The Dutch finally established a garrison at Bergen, allowing settlement of areas within the province of New Netherland.Within a period of 112 years, 1497–1609, four European explorers claimed this land for their sponsors: John Cabot, 1497, for England; Giovanni de Verrazano, 1524, for France; Estevan Gomez, 1525, for Spain, Henry Hudson, 1609, for Holland.They were eventually moved to reservations set up by the US Government.
Then for 50 years, 1614–1664, the Monmouth County area came under the influence of the Dutch, but it was not settled until English rule in 1664.
The initial European proprietors of the area purchased the land from the Lenni Lenape leader or Sakamaker.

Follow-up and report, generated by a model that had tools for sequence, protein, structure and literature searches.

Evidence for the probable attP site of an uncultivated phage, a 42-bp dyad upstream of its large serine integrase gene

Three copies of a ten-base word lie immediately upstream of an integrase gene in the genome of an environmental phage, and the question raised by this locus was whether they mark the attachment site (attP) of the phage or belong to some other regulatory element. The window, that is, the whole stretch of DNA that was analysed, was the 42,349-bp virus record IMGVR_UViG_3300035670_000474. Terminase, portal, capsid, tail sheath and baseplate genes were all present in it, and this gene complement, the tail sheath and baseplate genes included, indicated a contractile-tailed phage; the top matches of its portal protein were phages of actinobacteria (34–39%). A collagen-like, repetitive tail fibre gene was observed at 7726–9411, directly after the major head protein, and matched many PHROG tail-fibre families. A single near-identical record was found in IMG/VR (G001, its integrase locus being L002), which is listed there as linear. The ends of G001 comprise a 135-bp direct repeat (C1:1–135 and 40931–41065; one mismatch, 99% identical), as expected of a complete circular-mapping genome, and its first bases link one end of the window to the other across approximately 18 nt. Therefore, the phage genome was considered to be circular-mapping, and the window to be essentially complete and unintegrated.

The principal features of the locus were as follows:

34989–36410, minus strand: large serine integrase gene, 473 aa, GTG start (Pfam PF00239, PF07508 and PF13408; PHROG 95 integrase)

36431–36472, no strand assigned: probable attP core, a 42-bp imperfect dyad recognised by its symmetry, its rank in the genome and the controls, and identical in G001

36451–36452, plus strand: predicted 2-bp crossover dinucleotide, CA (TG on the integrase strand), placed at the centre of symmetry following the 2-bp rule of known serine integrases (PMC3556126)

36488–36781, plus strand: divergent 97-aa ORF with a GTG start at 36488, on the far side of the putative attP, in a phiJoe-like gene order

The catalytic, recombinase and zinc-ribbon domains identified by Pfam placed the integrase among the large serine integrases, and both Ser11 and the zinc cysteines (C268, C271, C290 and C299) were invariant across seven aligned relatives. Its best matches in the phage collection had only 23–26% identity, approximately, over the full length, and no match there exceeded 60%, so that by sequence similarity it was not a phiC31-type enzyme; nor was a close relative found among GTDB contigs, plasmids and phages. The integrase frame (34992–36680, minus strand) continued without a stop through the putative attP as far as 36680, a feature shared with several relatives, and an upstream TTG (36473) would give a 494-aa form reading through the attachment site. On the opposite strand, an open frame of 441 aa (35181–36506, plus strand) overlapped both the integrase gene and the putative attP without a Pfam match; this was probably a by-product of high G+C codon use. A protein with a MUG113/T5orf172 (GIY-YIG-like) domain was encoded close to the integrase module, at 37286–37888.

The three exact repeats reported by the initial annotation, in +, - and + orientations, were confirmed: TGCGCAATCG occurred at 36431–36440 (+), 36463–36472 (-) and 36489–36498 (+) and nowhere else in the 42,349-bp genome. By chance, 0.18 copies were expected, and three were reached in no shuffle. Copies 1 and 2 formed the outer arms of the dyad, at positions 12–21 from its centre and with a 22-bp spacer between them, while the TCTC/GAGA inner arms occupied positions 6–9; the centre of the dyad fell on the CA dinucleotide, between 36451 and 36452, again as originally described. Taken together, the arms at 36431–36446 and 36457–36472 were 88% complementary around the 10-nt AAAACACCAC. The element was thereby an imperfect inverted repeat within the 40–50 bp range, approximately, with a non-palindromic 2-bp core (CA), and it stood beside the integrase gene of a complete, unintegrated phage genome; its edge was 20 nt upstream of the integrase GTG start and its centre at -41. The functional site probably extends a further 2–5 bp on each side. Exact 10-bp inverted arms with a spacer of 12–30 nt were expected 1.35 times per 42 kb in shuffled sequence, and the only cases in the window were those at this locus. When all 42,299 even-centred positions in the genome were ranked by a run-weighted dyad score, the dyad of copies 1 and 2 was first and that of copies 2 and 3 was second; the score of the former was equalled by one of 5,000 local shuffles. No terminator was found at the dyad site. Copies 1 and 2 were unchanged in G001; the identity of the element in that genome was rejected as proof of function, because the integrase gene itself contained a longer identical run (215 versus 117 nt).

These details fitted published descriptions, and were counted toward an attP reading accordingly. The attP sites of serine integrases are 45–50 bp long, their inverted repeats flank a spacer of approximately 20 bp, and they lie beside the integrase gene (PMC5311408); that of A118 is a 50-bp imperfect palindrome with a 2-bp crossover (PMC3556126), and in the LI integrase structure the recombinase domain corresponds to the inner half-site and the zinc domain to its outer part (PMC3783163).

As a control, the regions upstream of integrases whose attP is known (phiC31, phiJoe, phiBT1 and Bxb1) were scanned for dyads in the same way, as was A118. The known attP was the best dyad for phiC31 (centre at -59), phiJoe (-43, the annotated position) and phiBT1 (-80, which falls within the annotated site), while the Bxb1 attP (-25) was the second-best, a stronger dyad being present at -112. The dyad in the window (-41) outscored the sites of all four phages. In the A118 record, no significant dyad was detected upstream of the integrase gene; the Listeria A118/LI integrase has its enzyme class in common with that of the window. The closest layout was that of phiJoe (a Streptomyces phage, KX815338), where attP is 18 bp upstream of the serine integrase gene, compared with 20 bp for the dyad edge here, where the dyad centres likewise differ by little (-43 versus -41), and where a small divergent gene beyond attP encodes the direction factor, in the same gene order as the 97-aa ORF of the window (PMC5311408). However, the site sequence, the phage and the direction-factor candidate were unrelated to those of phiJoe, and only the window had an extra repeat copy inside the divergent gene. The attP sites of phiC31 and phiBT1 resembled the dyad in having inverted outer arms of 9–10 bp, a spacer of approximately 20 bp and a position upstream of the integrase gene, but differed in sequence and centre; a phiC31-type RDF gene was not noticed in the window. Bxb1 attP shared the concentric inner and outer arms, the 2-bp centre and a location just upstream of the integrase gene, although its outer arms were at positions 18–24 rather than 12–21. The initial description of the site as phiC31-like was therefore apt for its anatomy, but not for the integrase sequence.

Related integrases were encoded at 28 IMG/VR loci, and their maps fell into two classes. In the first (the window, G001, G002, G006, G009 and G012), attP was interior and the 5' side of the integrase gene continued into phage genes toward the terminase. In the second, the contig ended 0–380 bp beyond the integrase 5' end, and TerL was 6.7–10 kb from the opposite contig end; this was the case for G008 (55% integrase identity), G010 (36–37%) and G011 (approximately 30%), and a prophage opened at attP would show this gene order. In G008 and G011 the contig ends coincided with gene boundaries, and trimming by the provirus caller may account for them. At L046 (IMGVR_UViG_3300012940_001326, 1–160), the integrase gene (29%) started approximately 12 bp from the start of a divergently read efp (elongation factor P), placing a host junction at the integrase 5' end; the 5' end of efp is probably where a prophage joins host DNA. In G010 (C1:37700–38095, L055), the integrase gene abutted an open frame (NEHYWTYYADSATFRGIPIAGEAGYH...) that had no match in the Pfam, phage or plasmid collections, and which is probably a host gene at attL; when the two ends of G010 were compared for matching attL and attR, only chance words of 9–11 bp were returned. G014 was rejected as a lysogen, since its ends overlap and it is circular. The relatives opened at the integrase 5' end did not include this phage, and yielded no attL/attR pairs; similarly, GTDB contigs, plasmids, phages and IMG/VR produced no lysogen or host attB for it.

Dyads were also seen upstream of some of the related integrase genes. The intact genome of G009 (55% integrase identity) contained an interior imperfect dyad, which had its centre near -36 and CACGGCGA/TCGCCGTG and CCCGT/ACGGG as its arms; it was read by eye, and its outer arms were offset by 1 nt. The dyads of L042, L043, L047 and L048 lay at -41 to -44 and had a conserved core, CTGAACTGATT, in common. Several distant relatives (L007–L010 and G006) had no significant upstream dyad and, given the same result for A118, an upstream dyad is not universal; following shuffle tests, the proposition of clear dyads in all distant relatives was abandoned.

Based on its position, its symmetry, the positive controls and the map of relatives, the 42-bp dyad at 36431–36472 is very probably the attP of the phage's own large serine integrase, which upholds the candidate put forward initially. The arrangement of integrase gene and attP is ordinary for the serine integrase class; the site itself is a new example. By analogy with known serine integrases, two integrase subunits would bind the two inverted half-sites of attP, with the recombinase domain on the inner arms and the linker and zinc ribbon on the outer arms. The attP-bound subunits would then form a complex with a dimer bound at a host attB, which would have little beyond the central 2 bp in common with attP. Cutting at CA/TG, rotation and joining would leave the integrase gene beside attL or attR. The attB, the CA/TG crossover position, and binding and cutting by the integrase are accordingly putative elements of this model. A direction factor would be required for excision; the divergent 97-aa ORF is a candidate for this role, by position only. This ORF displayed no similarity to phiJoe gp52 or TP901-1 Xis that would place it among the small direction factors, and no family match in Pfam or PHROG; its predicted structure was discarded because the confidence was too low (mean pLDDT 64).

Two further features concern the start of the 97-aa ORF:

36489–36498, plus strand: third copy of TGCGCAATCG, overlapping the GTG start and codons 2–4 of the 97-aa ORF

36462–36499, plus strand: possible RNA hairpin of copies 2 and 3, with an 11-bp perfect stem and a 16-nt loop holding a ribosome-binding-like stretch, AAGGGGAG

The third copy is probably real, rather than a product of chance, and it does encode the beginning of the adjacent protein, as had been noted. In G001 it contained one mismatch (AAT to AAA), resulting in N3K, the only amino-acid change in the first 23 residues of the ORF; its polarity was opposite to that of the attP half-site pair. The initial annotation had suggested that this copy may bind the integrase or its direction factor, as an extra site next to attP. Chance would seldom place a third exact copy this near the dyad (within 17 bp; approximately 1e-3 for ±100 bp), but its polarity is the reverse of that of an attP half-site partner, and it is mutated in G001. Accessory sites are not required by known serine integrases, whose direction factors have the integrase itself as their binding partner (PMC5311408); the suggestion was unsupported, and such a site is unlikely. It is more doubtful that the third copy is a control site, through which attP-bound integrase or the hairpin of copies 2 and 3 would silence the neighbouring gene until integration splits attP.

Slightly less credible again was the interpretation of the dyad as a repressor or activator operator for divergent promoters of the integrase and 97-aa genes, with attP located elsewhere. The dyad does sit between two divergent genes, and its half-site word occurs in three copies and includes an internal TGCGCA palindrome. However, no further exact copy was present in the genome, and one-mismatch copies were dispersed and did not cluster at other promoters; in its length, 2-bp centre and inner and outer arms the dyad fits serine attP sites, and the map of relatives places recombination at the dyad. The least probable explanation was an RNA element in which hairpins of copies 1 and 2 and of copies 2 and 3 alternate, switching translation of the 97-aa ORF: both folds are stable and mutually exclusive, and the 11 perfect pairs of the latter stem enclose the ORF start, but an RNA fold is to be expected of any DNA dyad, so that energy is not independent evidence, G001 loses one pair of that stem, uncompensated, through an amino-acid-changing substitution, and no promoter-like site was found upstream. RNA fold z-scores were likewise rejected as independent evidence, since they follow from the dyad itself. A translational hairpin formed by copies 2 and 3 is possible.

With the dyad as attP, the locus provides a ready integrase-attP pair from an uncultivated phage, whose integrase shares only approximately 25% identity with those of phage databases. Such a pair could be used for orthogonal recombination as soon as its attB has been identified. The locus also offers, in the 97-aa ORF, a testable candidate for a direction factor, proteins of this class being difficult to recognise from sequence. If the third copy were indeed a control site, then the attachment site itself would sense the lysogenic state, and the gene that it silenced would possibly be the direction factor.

This article is about the township in Monmouth County.
For the community within the township see Marlboro, Monmouth County, New Jersey; For other places with the same name, see Marlboro, New Jersey (disambiguation).
As the Lenni Lenape population declined, and the European population increased, the history of the area was increasingly defined by the new European inhabitants and the Lenape Native American tribes played an increasingly secondary role.After the Dutch arrival to the region in the 1620s, the Lenape were successful in restricting Dutch settlement to Pavonia in present-day Jersey City along the Hudson until the 1660s and the Swedish settlement to New Sweden (1655 - The Dutch defeat the Swedes on the Delaware).